It is hard to argue with the convenience, though, of being fully prepared as soon as your kit arrives.
2. Starting with what’s lethal
Everyone who doesn’t have more money than they have time is going to have to decide where to start with this overwhelming task of prepping.
One way to go about it is starting with what could kill you!
Do you have severe allergies? If so, what would happen if you got an allergic reaction while the roads are blocked or there is no one home to drive you to the hospital?
What would you do if you cut yourself deeply while cooking? Do you have the tools on hand to handle that until you can get to a medical professional?
Do you have extremely cold winters and rely only on an electric heating system?
With this strategy, you won’t be prepared for everything immediately, but you will survive deadly scenarios
3. Starting with what is likely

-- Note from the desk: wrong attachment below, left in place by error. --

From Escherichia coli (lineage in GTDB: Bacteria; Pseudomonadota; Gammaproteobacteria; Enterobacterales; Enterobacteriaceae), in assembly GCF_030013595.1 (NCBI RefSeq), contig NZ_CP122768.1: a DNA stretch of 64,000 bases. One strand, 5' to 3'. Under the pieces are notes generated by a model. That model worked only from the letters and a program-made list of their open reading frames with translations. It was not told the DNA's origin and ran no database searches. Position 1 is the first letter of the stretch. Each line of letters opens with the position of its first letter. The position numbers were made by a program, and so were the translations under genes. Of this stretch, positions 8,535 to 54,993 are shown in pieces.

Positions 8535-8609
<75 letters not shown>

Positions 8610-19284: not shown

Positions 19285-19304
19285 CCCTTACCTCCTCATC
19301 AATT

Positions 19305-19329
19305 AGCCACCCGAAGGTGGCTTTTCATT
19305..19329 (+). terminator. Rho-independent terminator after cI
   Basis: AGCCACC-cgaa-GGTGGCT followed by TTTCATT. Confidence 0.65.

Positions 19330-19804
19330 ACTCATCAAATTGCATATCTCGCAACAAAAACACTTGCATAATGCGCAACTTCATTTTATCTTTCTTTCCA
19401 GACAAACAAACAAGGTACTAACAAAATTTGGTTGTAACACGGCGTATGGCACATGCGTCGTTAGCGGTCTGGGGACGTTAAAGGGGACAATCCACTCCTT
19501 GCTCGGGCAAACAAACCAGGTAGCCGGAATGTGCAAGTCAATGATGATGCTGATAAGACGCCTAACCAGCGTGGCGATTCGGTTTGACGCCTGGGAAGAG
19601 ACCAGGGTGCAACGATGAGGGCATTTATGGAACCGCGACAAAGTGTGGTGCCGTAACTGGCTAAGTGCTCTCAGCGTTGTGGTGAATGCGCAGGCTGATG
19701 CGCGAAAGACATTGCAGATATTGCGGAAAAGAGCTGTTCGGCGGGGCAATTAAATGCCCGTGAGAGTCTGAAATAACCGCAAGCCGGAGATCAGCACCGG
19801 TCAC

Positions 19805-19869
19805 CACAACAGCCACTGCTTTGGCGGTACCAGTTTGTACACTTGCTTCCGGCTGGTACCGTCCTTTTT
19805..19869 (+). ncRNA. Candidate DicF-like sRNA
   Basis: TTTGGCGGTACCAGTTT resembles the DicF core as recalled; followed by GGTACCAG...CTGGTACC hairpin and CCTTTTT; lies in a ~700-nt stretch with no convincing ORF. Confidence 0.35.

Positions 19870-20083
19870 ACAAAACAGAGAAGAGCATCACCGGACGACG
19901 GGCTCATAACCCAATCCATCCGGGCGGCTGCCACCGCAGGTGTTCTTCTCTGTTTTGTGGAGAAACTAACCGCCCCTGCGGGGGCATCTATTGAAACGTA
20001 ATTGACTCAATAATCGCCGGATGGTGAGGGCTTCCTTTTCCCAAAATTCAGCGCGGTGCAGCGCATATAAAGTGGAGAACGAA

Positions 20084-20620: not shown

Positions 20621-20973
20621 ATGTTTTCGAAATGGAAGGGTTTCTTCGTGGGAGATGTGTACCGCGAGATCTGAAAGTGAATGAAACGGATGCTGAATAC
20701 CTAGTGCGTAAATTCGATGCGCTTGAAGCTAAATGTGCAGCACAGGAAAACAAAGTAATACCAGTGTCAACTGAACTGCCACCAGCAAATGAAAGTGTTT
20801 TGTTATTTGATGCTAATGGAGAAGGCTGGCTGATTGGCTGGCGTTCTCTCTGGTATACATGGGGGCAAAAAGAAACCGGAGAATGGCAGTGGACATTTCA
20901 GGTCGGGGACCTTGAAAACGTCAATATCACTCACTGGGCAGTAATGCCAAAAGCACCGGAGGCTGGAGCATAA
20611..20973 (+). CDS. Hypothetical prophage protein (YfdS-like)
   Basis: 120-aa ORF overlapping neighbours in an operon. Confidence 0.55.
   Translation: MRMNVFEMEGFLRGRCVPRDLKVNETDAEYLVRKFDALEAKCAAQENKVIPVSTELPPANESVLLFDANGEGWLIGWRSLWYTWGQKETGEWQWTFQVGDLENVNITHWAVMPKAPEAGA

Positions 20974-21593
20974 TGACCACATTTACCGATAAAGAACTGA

If you don’t want to start with what is lethal, you can start with what is most likely. This is a very simple and efficient way of prioritizing your shopping.
In its very essence, this strategy asks the question: Am I most likely to lose my job or live through a zombie apocalypse?
If the answer is “zombie apocalypse,” that’s the scenario you’ll prepare for first.
Of course, you will probably start by preparing for a power outage, an accident, a lost job or being snowed in and then work your way up.
You won’t be prepared for everything for a long time, but the odds will always be in your favor.
4. Starting with the short-term
Prepping for the short-term first, moving into the long-term later, is the shopping strategy many preppers prefer.
This way, you are not making guesses as to what kinds of situations you ought to be preparing for. You are preparing for them all, but starting small.
The upside is that you are preparing for a wide range of scenarios.
The downside is that some of those scenarios may last for much longer in duration than what you will be ready for in quite some time.
5. Low-budget strategies